Guitar Pedals Suggestion

Hi guys!

I hope you’re all doing great!

Could you please suggest 4 essentials pedals?
I don’t have any idea about analog pedals. I’m just using a focusrite 2i2.

Thank you! :slight_smile:

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Its really subjective because it depends on your guitar, amp, and preferred sound. There are so many brands and variations for each kind of pedal that i wouldnt even attempt at being specific. In general…
Noise gate

Those are the three most essential and then i would go with delay. Beyond that, wah, flanger, chorus are all nice to have when the song calls for it.

This opens up something that is probably more important than the pedals and that is how they are connected. While there isn’t a definite rule i would say there is a general consensus…
Front of amp, tuner, wah, overdrive.
Fx loop, chorus, delay, flanger

Noise gate, i prefer one capable of the 4 cable method

There are many more pedals available this is just my opinion on what the core ones are.

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  1. Wah pedal
  2. Overdrive
  3. Chorus
  4. Delay


I agree this depends on your music and the tone you are going after.
I’ve used the Boss TubeScreamer on the crunch channel for years, to get the Carlos Santana “sustain”.
I also have a George Lynch Dragon 2 wah pedal for lead guitar work, and a noise gate and volume pedal for added control.

All my reverb/chorus/delay are in my rack unit that I run through the effects loop.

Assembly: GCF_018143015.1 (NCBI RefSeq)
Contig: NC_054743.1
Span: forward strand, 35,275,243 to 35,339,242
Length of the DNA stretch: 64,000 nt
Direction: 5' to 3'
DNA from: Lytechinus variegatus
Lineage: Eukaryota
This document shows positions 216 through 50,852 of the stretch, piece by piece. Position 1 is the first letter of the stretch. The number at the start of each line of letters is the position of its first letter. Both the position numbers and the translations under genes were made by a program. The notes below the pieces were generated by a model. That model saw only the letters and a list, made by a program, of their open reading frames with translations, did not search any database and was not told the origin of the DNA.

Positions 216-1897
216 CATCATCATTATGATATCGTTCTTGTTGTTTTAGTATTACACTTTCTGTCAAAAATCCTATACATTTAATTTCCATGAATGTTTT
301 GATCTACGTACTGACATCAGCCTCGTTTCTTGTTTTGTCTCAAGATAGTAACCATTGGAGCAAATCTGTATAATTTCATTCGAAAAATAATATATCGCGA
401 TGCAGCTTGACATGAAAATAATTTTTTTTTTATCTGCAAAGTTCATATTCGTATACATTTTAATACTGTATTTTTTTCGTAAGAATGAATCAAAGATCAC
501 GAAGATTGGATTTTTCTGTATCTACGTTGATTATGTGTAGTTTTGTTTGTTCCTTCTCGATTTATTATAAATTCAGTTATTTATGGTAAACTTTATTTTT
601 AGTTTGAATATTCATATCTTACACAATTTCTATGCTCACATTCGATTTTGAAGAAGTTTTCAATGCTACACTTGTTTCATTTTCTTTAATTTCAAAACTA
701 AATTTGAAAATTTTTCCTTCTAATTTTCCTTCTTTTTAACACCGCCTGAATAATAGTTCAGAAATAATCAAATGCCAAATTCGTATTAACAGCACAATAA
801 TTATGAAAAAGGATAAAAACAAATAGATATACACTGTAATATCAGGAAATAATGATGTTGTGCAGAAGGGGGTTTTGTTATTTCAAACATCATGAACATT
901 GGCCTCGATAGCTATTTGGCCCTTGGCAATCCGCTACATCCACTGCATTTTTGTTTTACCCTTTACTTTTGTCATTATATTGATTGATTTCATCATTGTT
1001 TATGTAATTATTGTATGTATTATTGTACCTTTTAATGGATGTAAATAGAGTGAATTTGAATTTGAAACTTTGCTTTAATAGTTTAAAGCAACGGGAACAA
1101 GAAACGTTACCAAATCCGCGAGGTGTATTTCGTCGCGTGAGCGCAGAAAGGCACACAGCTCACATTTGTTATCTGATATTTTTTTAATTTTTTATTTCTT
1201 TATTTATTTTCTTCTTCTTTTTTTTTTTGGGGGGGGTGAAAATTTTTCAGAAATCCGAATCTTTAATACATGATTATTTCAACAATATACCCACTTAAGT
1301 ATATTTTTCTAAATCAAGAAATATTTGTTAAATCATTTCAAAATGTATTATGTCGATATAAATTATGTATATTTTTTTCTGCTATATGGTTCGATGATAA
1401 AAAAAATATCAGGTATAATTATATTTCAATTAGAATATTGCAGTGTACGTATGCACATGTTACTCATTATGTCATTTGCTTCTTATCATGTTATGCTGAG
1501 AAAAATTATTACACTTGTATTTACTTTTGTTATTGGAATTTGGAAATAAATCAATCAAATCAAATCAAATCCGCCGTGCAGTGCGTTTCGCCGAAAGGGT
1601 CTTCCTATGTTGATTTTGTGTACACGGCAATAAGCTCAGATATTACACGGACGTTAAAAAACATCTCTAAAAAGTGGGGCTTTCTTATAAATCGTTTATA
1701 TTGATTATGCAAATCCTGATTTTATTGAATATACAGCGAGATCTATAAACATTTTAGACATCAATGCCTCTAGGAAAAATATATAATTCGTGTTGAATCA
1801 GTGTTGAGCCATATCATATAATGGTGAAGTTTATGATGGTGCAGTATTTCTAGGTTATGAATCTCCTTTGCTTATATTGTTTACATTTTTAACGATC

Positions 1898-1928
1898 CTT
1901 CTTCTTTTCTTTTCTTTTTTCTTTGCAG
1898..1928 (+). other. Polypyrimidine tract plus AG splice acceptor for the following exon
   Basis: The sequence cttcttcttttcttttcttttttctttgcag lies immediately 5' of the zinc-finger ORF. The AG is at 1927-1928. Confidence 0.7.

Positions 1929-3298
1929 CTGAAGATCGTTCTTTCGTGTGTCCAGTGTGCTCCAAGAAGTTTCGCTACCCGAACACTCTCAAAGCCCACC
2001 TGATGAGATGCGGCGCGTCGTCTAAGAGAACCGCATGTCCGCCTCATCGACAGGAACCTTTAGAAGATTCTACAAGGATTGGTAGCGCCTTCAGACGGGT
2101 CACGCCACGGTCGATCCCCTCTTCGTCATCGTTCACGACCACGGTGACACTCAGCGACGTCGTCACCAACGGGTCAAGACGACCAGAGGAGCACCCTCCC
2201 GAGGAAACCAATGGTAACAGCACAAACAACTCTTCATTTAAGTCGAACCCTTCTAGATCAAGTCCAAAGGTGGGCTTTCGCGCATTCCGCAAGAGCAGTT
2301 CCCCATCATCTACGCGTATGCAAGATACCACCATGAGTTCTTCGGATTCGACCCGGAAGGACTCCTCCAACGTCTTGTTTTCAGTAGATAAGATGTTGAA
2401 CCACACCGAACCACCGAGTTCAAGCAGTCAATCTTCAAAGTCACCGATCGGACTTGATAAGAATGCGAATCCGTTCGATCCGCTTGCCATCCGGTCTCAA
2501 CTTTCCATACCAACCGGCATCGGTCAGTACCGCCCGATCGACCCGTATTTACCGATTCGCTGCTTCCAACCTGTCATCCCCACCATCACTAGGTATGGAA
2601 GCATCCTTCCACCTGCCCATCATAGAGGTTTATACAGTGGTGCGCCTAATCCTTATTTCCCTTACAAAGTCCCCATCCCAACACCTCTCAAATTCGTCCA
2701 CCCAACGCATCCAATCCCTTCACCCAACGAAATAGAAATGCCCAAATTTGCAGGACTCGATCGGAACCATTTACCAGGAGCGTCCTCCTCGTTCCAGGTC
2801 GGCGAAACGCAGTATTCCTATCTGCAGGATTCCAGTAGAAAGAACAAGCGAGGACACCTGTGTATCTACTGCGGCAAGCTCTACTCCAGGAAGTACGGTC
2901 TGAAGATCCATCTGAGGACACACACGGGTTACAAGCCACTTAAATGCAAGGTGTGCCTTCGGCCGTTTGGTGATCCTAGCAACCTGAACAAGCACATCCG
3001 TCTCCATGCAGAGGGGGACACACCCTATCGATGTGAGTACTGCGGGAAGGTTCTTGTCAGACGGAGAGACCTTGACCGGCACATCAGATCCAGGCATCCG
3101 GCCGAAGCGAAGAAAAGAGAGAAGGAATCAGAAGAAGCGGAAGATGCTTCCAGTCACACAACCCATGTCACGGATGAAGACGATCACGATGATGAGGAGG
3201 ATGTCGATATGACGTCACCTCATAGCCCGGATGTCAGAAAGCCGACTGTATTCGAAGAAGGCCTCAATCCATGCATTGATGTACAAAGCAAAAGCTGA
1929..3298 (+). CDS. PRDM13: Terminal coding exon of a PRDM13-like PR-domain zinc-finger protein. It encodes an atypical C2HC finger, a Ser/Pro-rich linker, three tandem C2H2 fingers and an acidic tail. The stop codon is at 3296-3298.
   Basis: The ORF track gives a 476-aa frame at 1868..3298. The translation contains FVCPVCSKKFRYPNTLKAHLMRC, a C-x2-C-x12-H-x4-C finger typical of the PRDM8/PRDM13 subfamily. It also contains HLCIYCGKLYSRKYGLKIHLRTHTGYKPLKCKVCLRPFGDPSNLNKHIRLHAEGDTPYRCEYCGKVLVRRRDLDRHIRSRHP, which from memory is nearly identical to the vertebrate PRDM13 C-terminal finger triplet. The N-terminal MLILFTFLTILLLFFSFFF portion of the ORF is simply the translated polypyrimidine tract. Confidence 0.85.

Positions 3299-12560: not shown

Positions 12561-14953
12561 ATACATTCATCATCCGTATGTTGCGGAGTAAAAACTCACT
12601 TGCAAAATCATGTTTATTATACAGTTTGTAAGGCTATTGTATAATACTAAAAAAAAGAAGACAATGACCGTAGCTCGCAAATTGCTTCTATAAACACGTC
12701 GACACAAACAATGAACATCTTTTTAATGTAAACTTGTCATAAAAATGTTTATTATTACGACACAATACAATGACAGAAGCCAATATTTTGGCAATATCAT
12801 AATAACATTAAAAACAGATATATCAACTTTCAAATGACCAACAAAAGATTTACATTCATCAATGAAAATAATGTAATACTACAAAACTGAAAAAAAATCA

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I’m curious about the tuner pedal. It is a lot more fun to play on a guitar that’s in tune, no question there! But they seem a lot more expensive than clip-on tuners. Are they really that much more accurat? I can see benefits like never having to change batteries, and it’s always there for the guitar you’ve got plugged in, but I can’t help thinking they’ll just add noise to the signal chain when not in use?

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As I said it’s all preference, if you’re gigging the tuner pedal on your board is more practical in my opinion. Any noise they may add to the chain is minimal and outweighed by the benefit. Most cut off the signal from going to the amp when turned on so in that aspect they are sort of like a kill switch. Most are also well lit and can easily be seen on a dark stage. Good ones are also very fast and sample changes in pitch very quickly. It’s my experience that they also pick up the lower frequency of extended range guitars and basses better than clip-on tuners. With that said, I also have a couple clip-on tuners that I use regularly because I don’t always have my board setup and they do the job.